The debate around personalized learning in education has been gaining traction in recent years. A recent survey from consulting firm Tyton Partners shows parents are increasingly advocating to “direct and tailor” their K-12 students’ education experience. As schools look for ways to engage students and improve learning outcomes, the focus has turned towards understanding the role of students’ interests in shaping their educational experiences.
The numbers back up the promise and impact of personalized learning. A 2018 study by RAND Corporation found that personalized learning can lead to significant improvements in student achievement when implemented correctly. More recent standardized test scores out of California from during the pandemic found that students enrolled in the state’s APLUS+ personalized schooling network saw an increase in the percentage of students exceeding ELA and math standards, while the share of traditional public school students meeting said standards decreased. While personalized learning has many proponents vouching for it, experts caution against limiting young children to subjects they are currently drawn to, as this could restrict their opportunities for exploration and growth.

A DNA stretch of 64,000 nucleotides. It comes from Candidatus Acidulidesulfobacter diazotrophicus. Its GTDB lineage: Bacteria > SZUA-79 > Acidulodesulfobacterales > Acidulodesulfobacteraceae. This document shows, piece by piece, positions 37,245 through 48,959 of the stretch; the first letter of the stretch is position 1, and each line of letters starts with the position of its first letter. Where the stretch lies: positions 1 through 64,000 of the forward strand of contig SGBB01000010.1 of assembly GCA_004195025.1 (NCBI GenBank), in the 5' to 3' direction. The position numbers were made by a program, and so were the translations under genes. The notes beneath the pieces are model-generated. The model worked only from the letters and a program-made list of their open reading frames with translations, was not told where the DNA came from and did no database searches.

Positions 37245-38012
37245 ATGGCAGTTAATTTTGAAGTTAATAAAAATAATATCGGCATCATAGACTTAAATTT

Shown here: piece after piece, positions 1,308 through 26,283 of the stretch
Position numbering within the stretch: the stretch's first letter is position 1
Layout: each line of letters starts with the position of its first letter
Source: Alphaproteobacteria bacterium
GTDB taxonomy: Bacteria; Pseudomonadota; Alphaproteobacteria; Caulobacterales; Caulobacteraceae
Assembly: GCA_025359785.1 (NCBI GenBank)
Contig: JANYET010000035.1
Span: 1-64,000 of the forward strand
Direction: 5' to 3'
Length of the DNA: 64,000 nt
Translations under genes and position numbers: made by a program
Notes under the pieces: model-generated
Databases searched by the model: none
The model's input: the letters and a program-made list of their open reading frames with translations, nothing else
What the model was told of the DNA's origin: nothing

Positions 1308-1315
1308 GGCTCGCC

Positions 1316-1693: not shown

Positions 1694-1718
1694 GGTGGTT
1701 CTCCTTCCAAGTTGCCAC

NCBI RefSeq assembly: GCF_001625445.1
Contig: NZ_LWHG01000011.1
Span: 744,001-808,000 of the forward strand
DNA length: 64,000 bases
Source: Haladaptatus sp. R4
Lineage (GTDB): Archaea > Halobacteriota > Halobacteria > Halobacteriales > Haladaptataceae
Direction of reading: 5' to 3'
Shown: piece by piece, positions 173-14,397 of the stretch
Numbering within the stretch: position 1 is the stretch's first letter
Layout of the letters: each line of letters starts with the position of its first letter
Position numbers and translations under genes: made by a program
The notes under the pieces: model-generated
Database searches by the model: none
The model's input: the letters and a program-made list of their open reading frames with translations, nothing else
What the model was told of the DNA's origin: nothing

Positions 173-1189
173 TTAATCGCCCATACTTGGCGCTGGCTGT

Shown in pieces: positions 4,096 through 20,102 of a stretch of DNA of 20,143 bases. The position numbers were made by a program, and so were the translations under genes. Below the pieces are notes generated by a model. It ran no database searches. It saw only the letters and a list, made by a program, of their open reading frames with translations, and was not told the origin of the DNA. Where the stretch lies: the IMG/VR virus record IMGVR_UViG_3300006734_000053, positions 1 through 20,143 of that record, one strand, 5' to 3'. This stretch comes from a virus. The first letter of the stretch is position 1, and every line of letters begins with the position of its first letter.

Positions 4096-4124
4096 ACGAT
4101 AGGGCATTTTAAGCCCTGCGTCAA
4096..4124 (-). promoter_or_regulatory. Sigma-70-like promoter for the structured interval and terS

Striking a balance between catering to students’ interests and ensuring a well-rounded education is crucial for maximizing the benefits of personalized learning. Michael Horn, host of The Future of Education, reflects on the trend and gives his perspective on whether schools should fully cater student education to the students’ personalized interests.
“The question I often get when I’m on the road talking about personalizing learning is: Should we only expose kids to what they’re interested in and just expect them to follow their interests and learning? And I say particularly for young kids, absolutely not, because they don’t know what they’re interested in. They just haven’t been exposed to a lot of the world. They don’t have a sense of how they can contribute to the world, how to participate and partake meaningfully in the world. What they might gravitate toward and what passions they might build over time.
And so if you limit them based on their interests and some of these interest-based inventories to try to figure out what’s your ideal career or something like that, you’re actually arbitrarily cutting off opportunity before they’ve had a chance to explore. So let them explore. Let them dig in. Let them build passions. And then we could follow the interests over time as they deepen and they have a deeper understanding of what’s even out there in the first place. In other words, yes to personalization, but don’t limit their potential based on interests prematurely.”
Article written by Daniel Litwin